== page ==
Friday, May 9, 2014

Lohbado ghost

Lohbado walked half way across a bridge and leaned on the metal rail and gazed at the river. The bridge shook under the vibrations of traffic, especially when big trucks drove by. He watched the patterns of sun reflecting in diamond shapes on the water.

    He spent about fifteen minutes looked at the variations of light and shadow on the surface of the river. Fast flowing water under the bridge, the river of life, stream of consciousness, humans change from one moment to the next. After a few decades, one will have changed quite a bit, so as to be barely recognizable. Lohbado at sixty didn’t much resemble the Lohbado at twenty. At twenty, he had more strength and stamina. At sixty his mind was more relaxed. He didn’t feel so overwhelmed. He no longer had to worry about the prospect of finding a career. That part of his life was over. He was on a veterans pension.

    He was in the last part of life, one foot in the grave. It felt good to have that part of his life over. He was no longer in a relationship. Jane Wormsly found another man, more to her liking. He encouraged her to go for it. He wasn't jealous. Jealousy had to be about the most pathetic emotion imaginable. Lohbado missed Jane, but eventually got over it. He’d gotten over several relationships. Most of the trouble was his own fault. He wasn't exactly easy to live with. It made him tired to think back on all the ups and downs. He was glad that part of his life was over. One foot in the grave, rest in peace, the turmoil of survival, his body would soon be a corpse. He imagined himself already dead and returned as a ghost, to hang around for a few more years before vanishing into the void. He had all the appearances of being alive. He had a shadow and body odor. But he felt like a ghost, like he was already dead.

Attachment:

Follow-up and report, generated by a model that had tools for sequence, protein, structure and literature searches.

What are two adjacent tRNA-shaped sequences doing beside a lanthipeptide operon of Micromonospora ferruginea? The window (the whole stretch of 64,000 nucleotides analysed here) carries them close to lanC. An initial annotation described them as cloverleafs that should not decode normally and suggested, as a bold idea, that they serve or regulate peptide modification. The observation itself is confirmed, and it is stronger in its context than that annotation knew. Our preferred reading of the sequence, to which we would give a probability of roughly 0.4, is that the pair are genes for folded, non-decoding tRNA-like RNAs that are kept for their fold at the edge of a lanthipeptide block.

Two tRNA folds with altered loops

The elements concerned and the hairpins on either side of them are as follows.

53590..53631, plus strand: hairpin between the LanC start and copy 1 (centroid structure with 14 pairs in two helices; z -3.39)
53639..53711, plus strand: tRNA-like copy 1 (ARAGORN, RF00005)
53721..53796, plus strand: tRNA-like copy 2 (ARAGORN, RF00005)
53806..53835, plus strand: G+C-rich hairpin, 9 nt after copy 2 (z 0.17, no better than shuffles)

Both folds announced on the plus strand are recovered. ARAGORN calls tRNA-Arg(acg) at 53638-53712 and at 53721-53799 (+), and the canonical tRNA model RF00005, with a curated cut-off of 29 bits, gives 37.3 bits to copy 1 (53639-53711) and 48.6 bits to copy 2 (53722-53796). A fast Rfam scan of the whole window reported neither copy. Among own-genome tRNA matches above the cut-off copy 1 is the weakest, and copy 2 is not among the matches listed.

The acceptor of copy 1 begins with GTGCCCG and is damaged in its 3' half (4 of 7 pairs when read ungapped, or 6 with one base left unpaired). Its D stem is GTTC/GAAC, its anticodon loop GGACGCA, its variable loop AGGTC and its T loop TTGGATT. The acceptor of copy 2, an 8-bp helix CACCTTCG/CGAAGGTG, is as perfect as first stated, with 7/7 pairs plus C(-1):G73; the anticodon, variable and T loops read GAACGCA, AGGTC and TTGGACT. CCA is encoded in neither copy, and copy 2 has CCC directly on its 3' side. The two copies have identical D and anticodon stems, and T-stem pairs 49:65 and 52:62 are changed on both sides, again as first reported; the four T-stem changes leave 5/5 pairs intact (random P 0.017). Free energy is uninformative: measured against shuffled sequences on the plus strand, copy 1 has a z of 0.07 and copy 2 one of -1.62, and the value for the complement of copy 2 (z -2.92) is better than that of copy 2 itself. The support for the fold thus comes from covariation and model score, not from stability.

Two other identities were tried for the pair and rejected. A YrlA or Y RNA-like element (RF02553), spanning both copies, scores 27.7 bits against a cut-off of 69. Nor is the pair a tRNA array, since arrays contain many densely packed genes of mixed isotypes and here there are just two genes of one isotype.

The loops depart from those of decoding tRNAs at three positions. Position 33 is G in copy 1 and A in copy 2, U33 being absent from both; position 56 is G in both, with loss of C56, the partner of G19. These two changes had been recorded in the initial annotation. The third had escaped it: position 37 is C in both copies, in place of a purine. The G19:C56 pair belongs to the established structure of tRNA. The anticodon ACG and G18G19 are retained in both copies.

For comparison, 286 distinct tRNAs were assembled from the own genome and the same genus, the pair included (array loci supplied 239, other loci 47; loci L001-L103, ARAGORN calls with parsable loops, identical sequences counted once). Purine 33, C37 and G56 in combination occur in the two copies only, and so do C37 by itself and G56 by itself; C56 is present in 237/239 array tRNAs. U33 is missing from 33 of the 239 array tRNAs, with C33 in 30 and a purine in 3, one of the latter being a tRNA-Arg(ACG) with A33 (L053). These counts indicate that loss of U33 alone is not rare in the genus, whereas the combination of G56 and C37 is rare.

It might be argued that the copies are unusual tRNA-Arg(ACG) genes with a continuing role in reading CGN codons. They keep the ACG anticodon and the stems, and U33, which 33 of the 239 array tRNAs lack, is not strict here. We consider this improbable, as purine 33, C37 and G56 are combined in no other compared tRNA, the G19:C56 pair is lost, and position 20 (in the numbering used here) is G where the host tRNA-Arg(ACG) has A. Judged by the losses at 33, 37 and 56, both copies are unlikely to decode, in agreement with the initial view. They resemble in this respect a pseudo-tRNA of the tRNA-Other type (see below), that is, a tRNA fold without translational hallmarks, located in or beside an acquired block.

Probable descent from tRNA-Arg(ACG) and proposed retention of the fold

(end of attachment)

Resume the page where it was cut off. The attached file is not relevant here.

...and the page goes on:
Lohbado laughed at the thought of being dead and only existing as a ghost. It lightened things up. There was no answer to the riddle of existence. He shuddered to think back on his life, so much suffering and confusion. Most people were suffering and confused.
    “I’m a ghost,” he said to the river, “Or rather, I’m not anything, except Lohbado on a bridge, talking nonsense and thinking silly thoughts.”

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